Selling travel is “about being real, relatable, honest and always doing things a little bit differently,” according to SmartFlyer’s Lila Fox, who is based out of New Orleans.
Just over three years after joining SmartFlyer with no travel selling experience, Fox is tallying $2.5 million in sales a year.
“One day I wasn’t doing this [selling travel] and the next I was, so I had to figure out what my style and approach was going to look like, and quickly,” Fox says. She uses storytelling to engage with clients.
“If you’re doing what everyone else is doing, you’re not going to stand out. And I knew that I needed to stand out — especially if I was going to convince people to use a travel agent over the many online DIY options. I had an existing social media following from my travel writing … so I capitalized on that. I began telling little stories on social media along with a photograph from the day, whether I was home or out traveling … It also allows your audience and clients an insight into who you are. People are interested in the people behind a business.”
Fox and her husband bounced around the U.S. and Canada a bit before settling in New Orleans, where she grew up. From this, she has pockets of clients all over but most of them are Millennials, 30- and 40-somethings, and their parents.
She says flexibility is key for her. Fox doesn’t have any niche but focuses on clicking with her clients, which will more likely lead to repeat customers.
“I want to continue to change the perception of what a travel agent these days looks like and the value we can offer,” she stresses.
Prior to entering the industry, Fox worked as a civil and environmental engineer for about 10 years. In this field, she traveled a lot and decided to start a travel and lifestyle blog “as a creative outlet.” One thing led to another and she was introduced to Erina Pindar and Michael Holtz, both of SmartFlyer. They hit it off and offered to let her operate as an independent consultant under their umbrella.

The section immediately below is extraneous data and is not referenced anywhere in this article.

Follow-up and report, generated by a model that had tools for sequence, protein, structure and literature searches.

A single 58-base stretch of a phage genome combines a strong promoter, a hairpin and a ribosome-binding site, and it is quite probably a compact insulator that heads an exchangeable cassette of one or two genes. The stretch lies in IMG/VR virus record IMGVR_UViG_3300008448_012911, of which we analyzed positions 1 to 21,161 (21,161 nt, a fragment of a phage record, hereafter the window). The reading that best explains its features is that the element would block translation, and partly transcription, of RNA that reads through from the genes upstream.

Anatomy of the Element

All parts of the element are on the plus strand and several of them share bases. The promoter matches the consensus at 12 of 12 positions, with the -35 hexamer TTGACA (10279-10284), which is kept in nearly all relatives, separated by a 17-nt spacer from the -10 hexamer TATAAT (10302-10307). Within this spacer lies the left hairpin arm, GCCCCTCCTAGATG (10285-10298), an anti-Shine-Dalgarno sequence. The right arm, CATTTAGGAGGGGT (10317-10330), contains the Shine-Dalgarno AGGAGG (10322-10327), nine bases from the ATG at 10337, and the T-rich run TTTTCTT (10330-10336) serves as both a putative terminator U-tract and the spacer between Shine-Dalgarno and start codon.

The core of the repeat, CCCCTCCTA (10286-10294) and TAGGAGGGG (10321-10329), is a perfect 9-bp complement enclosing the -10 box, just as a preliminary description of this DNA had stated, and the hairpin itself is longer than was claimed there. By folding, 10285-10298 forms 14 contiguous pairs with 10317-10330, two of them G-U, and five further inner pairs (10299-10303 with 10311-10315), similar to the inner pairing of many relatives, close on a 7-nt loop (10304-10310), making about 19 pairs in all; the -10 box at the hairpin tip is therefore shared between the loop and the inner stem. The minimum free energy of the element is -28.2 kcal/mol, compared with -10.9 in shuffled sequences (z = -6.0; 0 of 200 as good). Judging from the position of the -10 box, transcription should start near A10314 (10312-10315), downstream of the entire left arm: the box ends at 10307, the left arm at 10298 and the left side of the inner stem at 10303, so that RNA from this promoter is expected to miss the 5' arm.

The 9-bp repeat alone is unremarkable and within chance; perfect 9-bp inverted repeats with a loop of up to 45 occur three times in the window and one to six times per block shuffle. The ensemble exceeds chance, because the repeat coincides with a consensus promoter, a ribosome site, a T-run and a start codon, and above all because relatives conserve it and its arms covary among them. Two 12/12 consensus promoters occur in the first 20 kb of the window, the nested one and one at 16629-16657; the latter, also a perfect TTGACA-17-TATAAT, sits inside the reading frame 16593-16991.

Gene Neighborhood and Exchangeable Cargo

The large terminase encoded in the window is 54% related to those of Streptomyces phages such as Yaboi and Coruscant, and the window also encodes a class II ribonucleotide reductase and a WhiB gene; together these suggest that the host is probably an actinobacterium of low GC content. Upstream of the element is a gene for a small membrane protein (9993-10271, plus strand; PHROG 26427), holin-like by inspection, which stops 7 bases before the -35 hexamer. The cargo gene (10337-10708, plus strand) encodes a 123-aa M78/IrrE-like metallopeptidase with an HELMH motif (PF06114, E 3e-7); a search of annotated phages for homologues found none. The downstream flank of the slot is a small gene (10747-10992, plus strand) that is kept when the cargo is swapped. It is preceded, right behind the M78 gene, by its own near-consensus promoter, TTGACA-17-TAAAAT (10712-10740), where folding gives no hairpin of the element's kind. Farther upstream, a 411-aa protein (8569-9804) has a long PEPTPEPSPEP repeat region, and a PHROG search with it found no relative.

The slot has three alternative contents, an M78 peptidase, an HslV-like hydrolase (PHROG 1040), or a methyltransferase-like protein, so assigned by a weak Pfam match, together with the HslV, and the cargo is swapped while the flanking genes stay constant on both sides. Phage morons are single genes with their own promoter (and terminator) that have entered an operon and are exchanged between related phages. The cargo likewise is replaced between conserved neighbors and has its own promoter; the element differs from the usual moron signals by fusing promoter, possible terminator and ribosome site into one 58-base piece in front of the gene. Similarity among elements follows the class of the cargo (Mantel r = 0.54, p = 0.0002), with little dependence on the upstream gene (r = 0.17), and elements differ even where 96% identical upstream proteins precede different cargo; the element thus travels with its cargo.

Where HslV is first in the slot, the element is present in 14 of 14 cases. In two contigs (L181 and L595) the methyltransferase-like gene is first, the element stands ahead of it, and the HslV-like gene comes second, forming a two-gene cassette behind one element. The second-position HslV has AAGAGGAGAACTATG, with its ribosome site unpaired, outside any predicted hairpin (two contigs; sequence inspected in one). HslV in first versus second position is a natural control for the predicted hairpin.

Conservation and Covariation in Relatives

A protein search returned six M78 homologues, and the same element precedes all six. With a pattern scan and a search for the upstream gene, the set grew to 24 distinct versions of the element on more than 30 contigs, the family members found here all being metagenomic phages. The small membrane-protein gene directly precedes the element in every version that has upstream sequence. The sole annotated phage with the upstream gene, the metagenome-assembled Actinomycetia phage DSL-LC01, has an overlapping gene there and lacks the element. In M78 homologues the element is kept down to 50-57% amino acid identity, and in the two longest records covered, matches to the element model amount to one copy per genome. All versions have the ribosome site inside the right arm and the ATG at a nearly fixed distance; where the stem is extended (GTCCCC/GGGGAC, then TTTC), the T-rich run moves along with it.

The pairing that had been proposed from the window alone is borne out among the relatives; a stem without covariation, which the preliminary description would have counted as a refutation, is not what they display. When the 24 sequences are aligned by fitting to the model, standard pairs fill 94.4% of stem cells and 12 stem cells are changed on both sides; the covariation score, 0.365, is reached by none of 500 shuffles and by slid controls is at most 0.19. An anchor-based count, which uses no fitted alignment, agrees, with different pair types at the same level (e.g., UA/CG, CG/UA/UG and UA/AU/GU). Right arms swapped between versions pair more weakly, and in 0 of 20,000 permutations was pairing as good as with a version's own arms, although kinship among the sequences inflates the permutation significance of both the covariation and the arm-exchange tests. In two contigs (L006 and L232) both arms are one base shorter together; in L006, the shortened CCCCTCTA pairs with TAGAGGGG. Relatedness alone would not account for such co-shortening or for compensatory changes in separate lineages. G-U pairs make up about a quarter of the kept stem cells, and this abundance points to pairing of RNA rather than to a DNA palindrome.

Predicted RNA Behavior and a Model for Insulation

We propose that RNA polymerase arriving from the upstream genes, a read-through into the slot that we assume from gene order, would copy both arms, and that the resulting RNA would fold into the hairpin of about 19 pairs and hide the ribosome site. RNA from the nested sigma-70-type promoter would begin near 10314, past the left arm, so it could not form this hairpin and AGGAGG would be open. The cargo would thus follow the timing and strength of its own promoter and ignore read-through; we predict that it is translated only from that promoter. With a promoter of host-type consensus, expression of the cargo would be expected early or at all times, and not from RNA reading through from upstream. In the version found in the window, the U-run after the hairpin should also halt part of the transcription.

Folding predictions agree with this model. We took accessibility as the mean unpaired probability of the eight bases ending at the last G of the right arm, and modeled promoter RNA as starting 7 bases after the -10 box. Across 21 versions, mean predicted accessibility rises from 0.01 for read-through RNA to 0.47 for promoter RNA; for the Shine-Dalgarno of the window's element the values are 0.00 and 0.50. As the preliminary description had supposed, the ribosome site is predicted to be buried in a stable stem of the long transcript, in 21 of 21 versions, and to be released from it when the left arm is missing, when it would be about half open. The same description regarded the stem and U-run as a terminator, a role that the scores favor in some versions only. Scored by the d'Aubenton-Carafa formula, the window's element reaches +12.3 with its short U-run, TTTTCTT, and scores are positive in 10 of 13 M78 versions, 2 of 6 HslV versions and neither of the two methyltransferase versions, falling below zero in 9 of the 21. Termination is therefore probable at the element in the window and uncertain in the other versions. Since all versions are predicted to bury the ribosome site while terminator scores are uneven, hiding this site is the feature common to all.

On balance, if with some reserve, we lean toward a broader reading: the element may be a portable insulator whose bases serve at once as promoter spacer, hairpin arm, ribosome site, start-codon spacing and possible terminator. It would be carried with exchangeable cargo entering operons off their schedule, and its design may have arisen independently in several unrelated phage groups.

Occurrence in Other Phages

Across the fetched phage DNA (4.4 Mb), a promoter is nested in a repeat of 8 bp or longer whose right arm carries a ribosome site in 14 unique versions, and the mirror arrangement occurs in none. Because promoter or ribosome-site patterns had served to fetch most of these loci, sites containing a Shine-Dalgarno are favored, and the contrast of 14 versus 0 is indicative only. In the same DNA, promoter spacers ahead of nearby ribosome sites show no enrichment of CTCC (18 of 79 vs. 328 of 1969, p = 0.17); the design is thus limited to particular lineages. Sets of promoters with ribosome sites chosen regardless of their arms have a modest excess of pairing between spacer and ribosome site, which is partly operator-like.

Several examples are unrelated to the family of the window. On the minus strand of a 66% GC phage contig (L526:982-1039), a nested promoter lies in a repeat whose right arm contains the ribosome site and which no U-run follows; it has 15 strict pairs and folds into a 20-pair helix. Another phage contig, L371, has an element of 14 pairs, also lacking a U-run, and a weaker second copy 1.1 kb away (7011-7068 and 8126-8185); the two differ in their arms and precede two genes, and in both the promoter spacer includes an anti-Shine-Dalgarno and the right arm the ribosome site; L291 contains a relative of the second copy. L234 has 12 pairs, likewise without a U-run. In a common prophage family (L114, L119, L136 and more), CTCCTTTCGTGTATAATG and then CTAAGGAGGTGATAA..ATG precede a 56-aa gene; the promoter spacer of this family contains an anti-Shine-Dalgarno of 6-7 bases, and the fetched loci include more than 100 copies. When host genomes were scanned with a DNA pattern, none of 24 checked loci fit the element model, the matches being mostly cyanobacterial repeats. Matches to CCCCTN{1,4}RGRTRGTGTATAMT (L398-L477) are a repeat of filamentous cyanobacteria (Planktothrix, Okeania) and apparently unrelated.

As an independent advisor, growing her business is always on Fox’s mind. She says she never had plans to expand to the point where she was managing a team but rather she sees herself working directly with select clientele.
Remaining “the sole woman sailing this ship,” as she puts it, doesn’t mean she’s complacent with her current business.
“Eventually getting involved on a humanitarian and social basis in some of the communities around the world where I send clients to,” Fox says is her next step. “Will that ‘increase’ my business? Tangentially, I think, it will. I’m very happy with the way my travel agency has taken shape, and right now my wheels are turning on how I can use my previous engineering skill set and existing travel career to make a deeper impact on clients and in certain parts of the world. It’s all related.”
Next on her list of travels is Hawaii, where she’ll be staying with the Four Seasons for two weeks. The location has been a growing request among her clients and she says it will be the most useful location to visit from a research standpoint.
“Not in a million years did I ever see myself as a travel advisor, but it’s like a glove, and I’ve never second-guessed my decision,” she says.